On paper, chording — that’s pressing multiple keys to create either a single character or a whole word — looks like one of the best possible input methods. Maybe not the best for speed, at least for a while, but definitely good for conserving the total number of keys. Of course, fewer keys also makes for an easier time when it comes to building keyboards (as long as you don’t have to code the chording software). In fact, we would venture to guess that the hardest part of building your own version of [CrazyRobMiles]’s Pico Chord Keyboard would be teaching your fingers how to work together to chord instead of typing one at a time.
[CrazyRobMiles] took inspiration from the Cykey chording design used for the Microwriter and later, the Microwriter Agenda that also featured a qwerty blister keyboard. Both featured small screens above the six keys — one for each finger, and two for the thumb. While the original Microwriter ran on an 8-bit microprocessor, Pico Chord Keyboard uses — you guessed it — the Raspberry Pi Pico.
We love that [CrazyRobMiles] went with four 14-segment displays, which gives it a nice old school feel, but used transparent keycaps over Kailh switches. This is actually important, because not only do the LEDs show what mode you’re in (alpha vs. numeric vs. symbols), they also teach you how to chord each letter in the special training game mode. Be sure to check it out in the video after the break.
Isn’t it cool that we live in a world of relatively big keyboards with few keys and tiny keyboards with all the keys?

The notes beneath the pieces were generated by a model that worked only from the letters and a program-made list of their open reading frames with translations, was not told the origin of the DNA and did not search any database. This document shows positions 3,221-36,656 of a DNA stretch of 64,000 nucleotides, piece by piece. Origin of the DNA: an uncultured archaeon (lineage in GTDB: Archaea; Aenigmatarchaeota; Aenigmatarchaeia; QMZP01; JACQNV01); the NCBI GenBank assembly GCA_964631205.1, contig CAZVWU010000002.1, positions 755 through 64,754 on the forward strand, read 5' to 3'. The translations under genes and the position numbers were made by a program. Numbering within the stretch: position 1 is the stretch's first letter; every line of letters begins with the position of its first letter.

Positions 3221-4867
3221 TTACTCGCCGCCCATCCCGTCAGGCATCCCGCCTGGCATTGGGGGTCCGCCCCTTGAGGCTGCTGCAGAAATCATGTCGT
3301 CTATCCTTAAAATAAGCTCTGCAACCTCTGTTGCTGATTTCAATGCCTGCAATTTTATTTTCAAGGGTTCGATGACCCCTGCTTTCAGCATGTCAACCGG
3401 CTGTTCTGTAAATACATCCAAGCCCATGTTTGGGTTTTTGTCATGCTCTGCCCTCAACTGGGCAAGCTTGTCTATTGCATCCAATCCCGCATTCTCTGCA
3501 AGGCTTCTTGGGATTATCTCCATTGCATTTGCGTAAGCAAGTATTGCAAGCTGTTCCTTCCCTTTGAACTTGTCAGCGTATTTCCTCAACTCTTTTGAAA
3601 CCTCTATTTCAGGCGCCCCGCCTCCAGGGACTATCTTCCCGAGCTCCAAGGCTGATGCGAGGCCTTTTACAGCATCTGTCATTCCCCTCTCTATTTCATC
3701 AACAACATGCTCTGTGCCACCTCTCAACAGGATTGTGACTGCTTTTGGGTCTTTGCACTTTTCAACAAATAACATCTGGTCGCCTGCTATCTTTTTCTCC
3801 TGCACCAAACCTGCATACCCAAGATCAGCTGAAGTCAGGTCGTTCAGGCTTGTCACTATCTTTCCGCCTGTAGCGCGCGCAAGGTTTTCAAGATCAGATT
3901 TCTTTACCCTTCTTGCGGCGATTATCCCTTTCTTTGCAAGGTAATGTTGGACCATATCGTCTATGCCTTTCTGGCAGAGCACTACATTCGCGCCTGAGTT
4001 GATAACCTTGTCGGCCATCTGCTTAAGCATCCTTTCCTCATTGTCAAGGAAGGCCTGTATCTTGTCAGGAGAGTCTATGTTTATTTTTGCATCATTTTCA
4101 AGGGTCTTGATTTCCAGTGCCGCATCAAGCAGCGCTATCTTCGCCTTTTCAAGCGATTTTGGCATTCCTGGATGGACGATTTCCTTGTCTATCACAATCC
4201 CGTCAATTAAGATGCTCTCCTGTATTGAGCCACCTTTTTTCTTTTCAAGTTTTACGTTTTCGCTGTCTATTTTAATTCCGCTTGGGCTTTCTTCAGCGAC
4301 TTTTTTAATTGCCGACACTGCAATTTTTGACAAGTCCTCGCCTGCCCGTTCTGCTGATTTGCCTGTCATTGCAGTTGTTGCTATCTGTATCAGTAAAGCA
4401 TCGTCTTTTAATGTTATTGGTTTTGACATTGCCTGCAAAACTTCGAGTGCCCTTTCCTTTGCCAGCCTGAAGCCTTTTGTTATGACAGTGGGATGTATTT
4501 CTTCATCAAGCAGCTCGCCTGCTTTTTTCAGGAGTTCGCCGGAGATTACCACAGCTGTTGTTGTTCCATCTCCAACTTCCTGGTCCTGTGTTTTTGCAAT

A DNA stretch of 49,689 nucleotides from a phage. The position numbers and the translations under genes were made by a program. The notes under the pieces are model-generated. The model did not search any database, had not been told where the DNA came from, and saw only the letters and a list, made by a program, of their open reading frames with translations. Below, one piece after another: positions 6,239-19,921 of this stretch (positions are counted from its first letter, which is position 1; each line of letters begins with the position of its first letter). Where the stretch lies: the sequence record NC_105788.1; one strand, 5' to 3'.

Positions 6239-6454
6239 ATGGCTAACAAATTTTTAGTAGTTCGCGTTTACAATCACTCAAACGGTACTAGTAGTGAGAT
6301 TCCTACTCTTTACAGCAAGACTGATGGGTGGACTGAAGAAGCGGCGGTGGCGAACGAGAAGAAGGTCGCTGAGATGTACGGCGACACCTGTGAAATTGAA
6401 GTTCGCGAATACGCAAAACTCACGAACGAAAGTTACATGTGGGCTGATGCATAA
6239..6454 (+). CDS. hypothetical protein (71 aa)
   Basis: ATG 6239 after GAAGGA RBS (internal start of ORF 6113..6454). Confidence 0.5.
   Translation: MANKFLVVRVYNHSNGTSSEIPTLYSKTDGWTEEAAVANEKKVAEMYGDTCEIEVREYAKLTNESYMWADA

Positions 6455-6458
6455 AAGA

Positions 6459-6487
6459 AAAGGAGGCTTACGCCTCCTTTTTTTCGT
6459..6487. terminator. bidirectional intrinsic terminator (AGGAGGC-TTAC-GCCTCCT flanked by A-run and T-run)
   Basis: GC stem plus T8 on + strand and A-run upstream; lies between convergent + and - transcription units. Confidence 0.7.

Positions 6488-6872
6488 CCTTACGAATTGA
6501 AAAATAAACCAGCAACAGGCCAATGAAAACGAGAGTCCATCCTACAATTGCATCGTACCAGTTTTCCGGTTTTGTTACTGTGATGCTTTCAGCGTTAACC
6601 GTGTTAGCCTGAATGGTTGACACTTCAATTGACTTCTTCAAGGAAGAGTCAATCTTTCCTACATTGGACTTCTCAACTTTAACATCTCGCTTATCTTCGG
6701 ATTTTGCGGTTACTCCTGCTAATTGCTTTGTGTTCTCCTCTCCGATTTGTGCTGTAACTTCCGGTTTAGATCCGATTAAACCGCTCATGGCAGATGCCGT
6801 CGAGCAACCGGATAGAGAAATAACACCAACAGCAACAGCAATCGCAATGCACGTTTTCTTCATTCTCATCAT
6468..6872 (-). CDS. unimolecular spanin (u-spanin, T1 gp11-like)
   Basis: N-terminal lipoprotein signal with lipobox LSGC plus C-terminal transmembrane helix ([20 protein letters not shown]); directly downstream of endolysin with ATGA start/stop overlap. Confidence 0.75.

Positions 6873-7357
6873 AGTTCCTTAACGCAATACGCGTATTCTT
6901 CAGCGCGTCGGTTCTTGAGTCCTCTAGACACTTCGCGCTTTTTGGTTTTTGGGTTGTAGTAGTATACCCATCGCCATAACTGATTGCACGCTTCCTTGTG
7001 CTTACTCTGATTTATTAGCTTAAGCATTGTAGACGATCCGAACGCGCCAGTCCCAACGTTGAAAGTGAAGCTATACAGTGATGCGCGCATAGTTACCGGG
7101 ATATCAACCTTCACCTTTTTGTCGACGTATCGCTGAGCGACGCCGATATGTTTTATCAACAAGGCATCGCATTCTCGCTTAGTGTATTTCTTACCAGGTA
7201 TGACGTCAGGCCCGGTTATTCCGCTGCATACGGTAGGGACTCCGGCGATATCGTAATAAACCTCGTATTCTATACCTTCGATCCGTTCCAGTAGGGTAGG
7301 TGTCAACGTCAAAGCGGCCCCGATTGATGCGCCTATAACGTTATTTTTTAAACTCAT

Continue reading “Pico Chording Keyboard Is Simultaneously Vintage And New”
A ukulele is a great instrument to pick to learn to play music. It’s easy to hold, has a smaller number of strings than a guitar, is fretted unlike a violin, isn’t particularly expensive, and everything sounds happier when played on one. It’s not without its limited downsides, though. Like any stringed instrument some amount of muscle memory is needed to play it fluidly which can take time to develop, but for new musicians there’s a handy new 3D printed part that can make even this aspect of learning the ukulele easier too.
Called the Easy Fret, the tool clamps on to the neck of the ukulele and hosts a series of 3D printed “keys” that allow for complex chord shapes to be played with a single finger. In this configuration the chords C, F, G, and A minor can be played (although C probably shouldn’t be considered “complex” on a ukulele). It also makes extensive use of compliant mechanisms. For example, the beams that hit the chords use geometry to imitate a four-bar linkage. This improves the quality of the sound because the strings are pressed head-on rather than at an angle.
While this project is great for a beginner learning to play this instrument and figure out the theory behind it, its creator [Ryan Hammons] also hopes that it can be used by those with motor disabilities to be able to learn to play an instrument as well. And, if you have the 3D printer required to build this but don’t have an actual ukulele, with some strings and tuning pegs you can 3D print a working ukulele as well.
If there’s a happier word ever imported into the English language than “Glockenspiel”, we’re not sure what it is. And controlling said instrument with a bunch of servos and an Arduino makes us just as happy.